We dream of frogs. In fairy tales, one is a prince, in the most grotesque and repugnant form the folk imagination could give him, the last thing one would want to kiss. With the kiss, the maybe grudging acceptance, he is transformed. But no prince ever seems to want to transform to a frog.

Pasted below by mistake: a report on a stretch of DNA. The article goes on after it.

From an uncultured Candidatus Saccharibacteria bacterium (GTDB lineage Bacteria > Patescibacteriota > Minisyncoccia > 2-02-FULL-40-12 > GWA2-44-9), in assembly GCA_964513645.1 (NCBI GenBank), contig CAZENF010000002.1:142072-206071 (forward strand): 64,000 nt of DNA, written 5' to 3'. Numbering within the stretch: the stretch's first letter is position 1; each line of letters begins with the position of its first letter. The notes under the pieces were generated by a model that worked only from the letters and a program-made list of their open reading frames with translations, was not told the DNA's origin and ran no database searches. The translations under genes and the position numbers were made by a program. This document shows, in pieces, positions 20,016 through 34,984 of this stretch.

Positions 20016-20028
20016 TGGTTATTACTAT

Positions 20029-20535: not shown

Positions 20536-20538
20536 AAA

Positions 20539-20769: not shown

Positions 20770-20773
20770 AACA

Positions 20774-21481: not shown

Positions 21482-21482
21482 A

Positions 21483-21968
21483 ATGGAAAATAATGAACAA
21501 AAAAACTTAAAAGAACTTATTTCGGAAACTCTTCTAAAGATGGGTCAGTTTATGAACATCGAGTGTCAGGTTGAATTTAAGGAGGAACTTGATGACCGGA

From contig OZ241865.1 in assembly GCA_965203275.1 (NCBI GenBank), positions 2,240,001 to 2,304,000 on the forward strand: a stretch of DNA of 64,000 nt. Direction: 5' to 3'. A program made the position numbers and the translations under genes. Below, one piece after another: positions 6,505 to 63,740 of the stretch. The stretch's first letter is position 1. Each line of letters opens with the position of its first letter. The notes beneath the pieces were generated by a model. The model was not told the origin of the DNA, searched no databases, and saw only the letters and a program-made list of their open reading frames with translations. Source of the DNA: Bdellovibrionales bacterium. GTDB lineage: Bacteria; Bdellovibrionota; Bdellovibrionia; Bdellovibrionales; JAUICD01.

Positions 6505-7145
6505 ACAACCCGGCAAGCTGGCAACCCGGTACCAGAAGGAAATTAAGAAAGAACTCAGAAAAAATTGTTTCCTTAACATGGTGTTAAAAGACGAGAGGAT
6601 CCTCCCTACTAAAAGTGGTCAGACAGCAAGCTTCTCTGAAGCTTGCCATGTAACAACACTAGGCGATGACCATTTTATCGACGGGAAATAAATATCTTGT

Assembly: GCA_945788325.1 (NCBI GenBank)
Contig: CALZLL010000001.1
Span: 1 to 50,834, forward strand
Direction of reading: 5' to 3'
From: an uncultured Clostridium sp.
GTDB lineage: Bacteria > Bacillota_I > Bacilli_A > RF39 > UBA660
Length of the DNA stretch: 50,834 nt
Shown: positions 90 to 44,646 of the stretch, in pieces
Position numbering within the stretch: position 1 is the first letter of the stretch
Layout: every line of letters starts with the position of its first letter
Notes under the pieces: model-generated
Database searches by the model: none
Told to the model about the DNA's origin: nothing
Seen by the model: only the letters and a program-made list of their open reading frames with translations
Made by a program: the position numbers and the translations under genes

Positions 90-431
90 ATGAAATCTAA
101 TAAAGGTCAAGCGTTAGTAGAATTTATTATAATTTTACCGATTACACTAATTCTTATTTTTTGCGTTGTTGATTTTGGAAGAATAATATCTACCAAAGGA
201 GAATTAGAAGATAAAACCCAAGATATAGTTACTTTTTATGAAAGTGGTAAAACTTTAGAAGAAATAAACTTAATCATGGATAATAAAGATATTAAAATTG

I have dreamed of frogs. One night two years ago, one swam up to the surface of my sleep from the depths where he had been living, and spread his wide mouth in an indulgent self-satisfied way to ask me to make him a bacon sandwich on a donut. I was repulsed, but thought though did not know as well as I know now, that his image and request told me a truth about a man I was close to. And may be even about part of myself. It was a difficult truth that the more advanced parts of my brain could not see or accept. It was the depths that knew, that sent me a message up from those waters, as a frog. A year after that, I dreamed of the primitive froggish man sitting silent in a chair. I touched his throat and cheek, brown and green, his thin wavy-line mouth, trying to help him to talk, to connect. But I don't remember kissing him.